In an alternate Victorian world controlled by clock towers, a damaged clock can fracture time—and a destroyed one can stop it completely.
It’s a truth that seventeen-year-old clock mechanic Danny Hart knows all too well; his father has been trapped in a Stopped town east of London for three years. Though Danny is a prodigy who can repair not only clockwork, but the very fabric of time, his fixation with staging a rescue is quickly becoming a concern to his superiors.
And so they assign him to Enfield, a town where the tower seems to be forever plagued with problems. Danny’s new apprentice both annoys and intrigues him, and though the boy is eager to work, he maintains a secretive distance. Danny soon discovers why: he is the tower’s clock spirit, a mythical being that oversees Enfield’s time. Though the boys are drawn together by their loneliness, Danny knows falling in love with a clock spirit is forbidden, and means risking everything he’s fought to achieve.
But when a series of bombings at nearby towers threaten to Stop more cities, Danny must race to prevent Enfield from becoming the next target or he’ll not only lose his father, but the boy he loves, forever.
The stunning first novel in a new trilogy by debut author Tara Sim, Timekeeper is perfect for fans of Cassandra Clare and Victoria Schwab.
I received this book for free from ALA Annual Conference in exchange for an honest review. This does not affect my opinion of the book or the content of my review.
Hi Tara! Thanks so much for being here! Congratulations on having your first novel published! Yay!!!!! I’m curious…was Timekeeper one of the first manuscripts you wrote? How long have you been writing and how much did you write before Timekeeper?
Thanks so much for having me! Actually, Timekeeper was my 10th manuscript, although it was the first YA book I’ve ever written. I’ve been writing all my life, but I started to really get into it when I was 14 and knew I wanted to write fantasy novels. When I was 15 I finished my very first novel and it was such a great feeling, I went on to write several more until I got the idea for Timekeeper. Every project taught me different things about writing, though, so none of those abandoned MSs are a waste to me.
I had the pleasure of going to your signing at ALA in Orlando this past June! How did it feel to have your first signing as a published author? Was it everything you thought it would be? I thought it was amazing, but tell us about the experience from your point of view.
First of all, thank you for coming to the signing! It was such a surreal experience, since it was something I’d only ever dreamed about. I was actually pretty nervous about messing up people’s names or doing something else embarrassing, but the signing went smoothly and I had a lot of fun. We ran out of ARCs in like half an hour, which blew my mind!
What is one of the most interesting (or weird) things that you learned while you were doing your research for Timekeeper?
There are a lot of strange little Victorian customs I learned about. One of my favorite–for purposes of the book, naturally–was that when a family member died, all the clocks in the household would be stopped at that person’s time of death. Creepy, right?
Would you want to live in the world where Timekeeper takes place? What would you love about that world? What would you want to avoid?
I think it would be a very interesting world to live in. In my version of Victorian London, women are entering the workforce more, and leading their own quiet rebellion by wearing trousers and getting tattoos and all these things that are scandalous–and I do love scandalizing people. The magic, too, would be really fascinating to live with, especially if I was a clock mechanic. There are dangers, though, such as what happens when a clock tower is damaged. The danger of being trapped in a town where time doesn’t run anymore would be pretty daunting.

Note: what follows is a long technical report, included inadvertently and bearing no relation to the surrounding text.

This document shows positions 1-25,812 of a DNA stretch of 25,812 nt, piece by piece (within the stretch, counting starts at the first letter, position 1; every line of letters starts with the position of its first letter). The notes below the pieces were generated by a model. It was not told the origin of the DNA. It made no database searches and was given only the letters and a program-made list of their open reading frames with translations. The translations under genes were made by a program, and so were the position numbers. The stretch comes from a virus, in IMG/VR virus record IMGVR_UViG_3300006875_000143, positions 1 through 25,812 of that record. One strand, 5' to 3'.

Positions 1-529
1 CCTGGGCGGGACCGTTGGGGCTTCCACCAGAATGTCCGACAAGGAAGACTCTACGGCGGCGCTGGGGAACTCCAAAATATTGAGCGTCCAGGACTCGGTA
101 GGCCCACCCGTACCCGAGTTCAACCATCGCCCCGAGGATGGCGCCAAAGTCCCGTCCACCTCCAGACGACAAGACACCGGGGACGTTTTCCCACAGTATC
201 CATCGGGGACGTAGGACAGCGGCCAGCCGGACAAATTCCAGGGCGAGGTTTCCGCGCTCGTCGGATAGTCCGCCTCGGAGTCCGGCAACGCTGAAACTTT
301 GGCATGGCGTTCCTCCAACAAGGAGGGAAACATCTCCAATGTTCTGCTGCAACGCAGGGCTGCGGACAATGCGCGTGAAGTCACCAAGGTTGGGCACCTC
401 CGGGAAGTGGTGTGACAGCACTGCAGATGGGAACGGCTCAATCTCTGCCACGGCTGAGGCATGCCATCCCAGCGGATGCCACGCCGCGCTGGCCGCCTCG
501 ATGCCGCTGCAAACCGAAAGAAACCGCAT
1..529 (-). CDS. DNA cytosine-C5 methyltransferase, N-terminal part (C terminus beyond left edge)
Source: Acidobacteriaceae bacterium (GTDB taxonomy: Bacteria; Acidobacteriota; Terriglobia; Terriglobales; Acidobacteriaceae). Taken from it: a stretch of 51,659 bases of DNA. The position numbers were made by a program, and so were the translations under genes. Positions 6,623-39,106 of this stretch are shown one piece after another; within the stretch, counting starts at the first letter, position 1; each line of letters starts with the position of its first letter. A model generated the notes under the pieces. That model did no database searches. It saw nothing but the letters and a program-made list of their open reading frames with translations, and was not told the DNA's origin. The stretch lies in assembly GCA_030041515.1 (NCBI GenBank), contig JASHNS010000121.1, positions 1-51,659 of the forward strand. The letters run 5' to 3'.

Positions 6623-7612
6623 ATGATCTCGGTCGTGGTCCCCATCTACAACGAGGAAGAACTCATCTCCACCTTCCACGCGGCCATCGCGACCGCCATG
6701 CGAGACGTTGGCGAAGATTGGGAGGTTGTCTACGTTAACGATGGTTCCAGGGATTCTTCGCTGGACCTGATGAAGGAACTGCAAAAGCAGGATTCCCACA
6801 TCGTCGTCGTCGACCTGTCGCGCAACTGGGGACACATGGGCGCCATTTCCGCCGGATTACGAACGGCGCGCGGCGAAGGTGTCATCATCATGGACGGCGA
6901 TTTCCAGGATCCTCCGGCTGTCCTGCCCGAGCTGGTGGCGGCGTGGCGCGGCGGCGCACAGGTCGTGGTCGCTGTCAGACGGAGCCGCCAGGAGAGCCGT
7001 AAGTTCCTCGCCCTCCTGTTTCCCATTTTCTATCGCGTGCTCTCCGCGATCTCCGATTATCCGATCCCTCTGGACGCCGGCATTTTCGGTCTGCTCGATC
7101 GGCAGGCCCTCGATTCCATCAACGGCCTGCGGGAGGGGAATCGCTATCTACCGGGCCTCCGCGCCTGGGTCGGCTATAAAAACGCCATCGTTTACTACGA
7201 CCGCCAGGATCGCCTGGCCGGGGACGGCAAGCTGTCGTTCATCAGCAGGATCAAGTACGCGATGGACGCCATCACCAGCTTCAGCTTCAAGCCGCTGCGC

This is a question that I always love to ask authors: What does your writing space look like? Are you someone that prefers to work in order or in chaos?
My writing space is actually kind of cramped, since I don’t have my own writing office (yet!). I use a little IKEA desk that’s set up next to my bookshelves, but I have a window right in front of me with a nice view. I think a little chaos mixed with a little order is the perfect environment for me.
I ADORE the cover of Timekeeper. Did you have any input in the design at all? Was this cover the original design or has it gone through some changes since the initial mock-up? And was the book always called Timekeeper?
Thank you! The cover as it is now wasn’t the first mock up I saw. While the first mock up was lovely, it didn’t feel like the book, so I asked if we could take another shot and even drew of sketch of what I had in mind. What resulted was the cover you see now, which I love! When I first wrote the book I simply called it Clockwork, but I changed the title to Timekeeper when I was querying agents, and it’s been that ever since.
We are all dying to know – what are you working on now? What’s next for the lovely Tara Sim????
Right now I’m working on another trilogy. It’s a YA high fantasy with multiple POVs, which I like to pitch as Pirates of the Caribbean meets Avatar: the Last Airbender.
Meet the Author:
Tara Sim can typically be found wandering the wilds of the Bay Area, California. When she’s not chasing cats or lurking in bookstores, she writes books about magic, clocks, and explosives. TIMEKEEPER is her debut novel. Follow her on Twitter at @EachStarAWorld, or check out her website tarasim.com for fun extras.
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